The Shuffler is a service with one leader and many followers.
The leader knows the list of followers and the list of shuffles. For each shuffle it has an approximate CDF.
Each follower has an entry for each shuffle. A shuffle entry is:
- an ordered data structure of the received records
- a cdf of the received keys
- a list of key intervals and which followers own said interval
A client asks the leader to create a new shuffle. The leader generates an id and contacts each follower and informs them of the new shuffle. The followers enter the “put” state. Then it returns the new id and the list of followers to the client.
The client concurrently adds data to all the followers. Periodically, the client checks the leader for the current list of followers. The followers periodically send their CDF to the leader which updates its overall CDF accordingly. The leader periodically sends the followers an updated list of owned key intervals. The followers periodically send data which they do not own to the true owner.
The client then asks the leader to end input to the shuffle. The leader computes a final list of owned key intervals (using whatever CDF it has on hand, perhaps out-of-date) and sends the key intervals to each follower, informing them the input has ended. The leader responds to the client with the owned key intervals. Each follower sends data it does not own to the true owner. When it holds no unowned data it enters the “ready for get” state and informs the leader it is in the “ready for get” state. When all the followers have entered “ready for get,” the leader sends all followers a message to enter the “get” state.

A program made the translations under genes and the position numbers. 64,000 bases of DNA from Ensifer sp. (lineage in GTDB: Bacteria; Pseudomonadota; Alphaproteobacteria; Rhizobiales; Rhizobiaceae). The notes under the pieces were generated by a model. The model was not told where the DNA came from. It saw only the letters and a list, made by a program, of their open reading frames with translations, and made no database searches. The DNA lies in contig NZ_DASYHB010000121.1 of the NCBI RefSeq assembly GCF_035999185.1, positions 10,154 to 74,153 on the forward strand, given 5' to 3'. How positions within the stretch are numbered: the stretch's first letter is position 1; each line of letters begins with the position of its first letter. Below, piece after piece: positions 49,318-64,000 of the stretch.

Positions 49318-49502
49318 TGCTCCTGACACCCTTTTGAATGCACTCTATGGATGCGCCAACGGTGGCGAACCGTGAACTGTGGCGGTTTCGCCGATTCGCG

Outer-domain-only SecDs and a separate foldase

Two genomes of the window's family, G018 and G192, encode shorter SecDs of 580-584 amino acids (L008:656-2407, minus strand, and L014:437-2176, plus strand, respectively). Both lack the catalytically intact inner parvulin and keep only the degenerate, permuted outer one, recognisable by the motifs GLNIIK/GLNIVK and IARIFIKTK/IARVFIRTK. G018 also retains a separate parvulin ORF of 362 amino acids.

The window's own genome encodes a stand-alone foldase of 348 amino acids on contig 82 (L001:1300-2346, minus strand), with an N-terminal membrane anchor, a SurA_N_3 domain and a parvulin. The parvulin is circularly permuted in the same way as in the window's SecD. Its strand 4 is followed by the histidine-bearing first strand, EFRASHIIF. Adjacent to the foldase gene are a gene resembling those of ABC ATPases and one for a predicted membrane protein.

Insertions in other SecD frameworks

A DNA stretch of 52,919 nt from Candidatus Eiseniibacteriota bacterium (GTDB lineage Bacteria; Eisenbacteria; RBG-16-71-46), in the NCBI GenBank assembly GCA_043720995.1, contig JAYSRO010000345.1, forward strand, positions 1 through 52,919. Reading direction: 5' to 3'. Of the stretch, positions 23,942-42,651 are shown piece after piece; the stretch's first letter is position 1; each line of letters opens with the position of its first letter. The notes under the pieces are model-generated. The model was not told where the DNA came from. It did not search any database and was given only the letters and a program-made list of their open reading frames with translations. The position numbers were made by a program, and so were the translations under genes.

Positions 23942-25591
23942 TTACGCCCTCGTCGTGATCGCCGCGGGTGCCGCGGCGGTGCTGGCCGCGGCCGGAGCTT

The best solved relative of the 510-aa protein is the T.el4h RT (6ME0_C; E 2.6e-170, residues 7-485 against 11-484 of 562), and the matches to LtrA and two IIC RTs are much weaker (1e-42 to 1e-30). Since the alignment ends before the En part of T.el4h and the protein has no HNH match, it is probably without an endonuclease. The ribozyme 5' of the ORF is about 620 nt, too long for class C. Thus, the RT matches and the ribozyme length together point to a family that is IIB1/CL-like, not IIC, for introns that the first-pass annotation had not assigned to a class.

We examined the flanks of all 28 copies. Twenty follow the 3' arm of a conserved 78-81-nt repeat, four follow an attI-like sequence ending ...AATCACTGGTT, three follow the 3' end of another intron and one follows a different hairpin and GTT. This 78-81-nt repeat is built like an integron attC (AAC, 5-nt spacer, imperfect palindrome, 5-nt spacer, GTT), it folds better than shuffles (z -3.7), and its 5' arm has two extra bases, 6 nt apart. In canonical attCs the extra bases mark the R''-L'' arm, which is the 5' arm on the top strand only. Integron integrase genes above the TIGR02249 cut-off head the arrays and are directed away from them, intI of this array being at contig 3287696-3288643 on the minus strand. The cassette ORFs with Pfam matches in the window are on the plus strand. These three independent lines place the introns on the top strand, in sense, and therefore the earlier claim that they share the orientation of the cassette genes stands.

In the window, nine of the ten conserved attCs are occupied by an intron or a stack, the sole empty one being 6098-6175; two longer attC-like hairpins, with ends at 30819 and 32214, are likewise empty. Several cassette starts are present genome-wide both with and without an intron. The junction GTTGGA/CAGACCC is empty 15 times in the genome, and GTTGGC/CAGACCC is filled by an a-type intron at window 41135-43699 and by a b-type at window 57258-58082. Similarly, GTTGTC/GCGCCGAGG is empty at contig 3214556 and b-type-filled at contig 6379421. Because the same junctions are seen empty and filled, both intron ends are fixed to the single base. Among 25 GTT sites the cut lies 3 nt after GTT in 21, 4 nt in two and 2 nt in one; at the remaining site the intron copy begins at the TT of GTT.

The client concurrently asks for intervals from followers. If a follower has not entered the “get” state it returns 503. The client exponentially backs off. If the follower does not own the requested interval, it returns 400. The client asks the leader for the owned key intervals and tries again.
The client asks the leader to delete the shuffle. The leader immediately responds with success. The leader tells the followers to delete the shuffle. The followers remove all remaining data.
A follower can join the cluster at any time. It notifies the leader. The leader informs the cluster of its presence by sending an updated owned key intervals.
In the “put” state, the followers will eventually send data to the new follower. Moreover, the clients will eventually ask the leader for an updated follower list.
In the “get” state, the new follower will initially return 503 to all get requests. Once a follower has successfully sent all data to the new owners, it informs the leader. In the interim, the follower can still respond to client requests. It should not delete the data it has sent away. The leader then informs all followers they should switch to the new owned key intervals. At this point, clients can delete the data they’ve sent away.
At any time, a follower always knows if it is the authority on an interval. Until a follower enters the “get” state, it is not an authority. In the “get” state, is always an authority on the interval it owns. Even if the cluster has added a new follower of which it is unaware, it is still the authority on the data it owns.
For resilience, I think each follower can have a unique replicate who just duplicates its data. If the nodes are named 0, 1, 2 then every node’s replicate can be i+1 mod 3. If a node disappears, the leader will eventually realize and adjust the owned key intervals accordingly.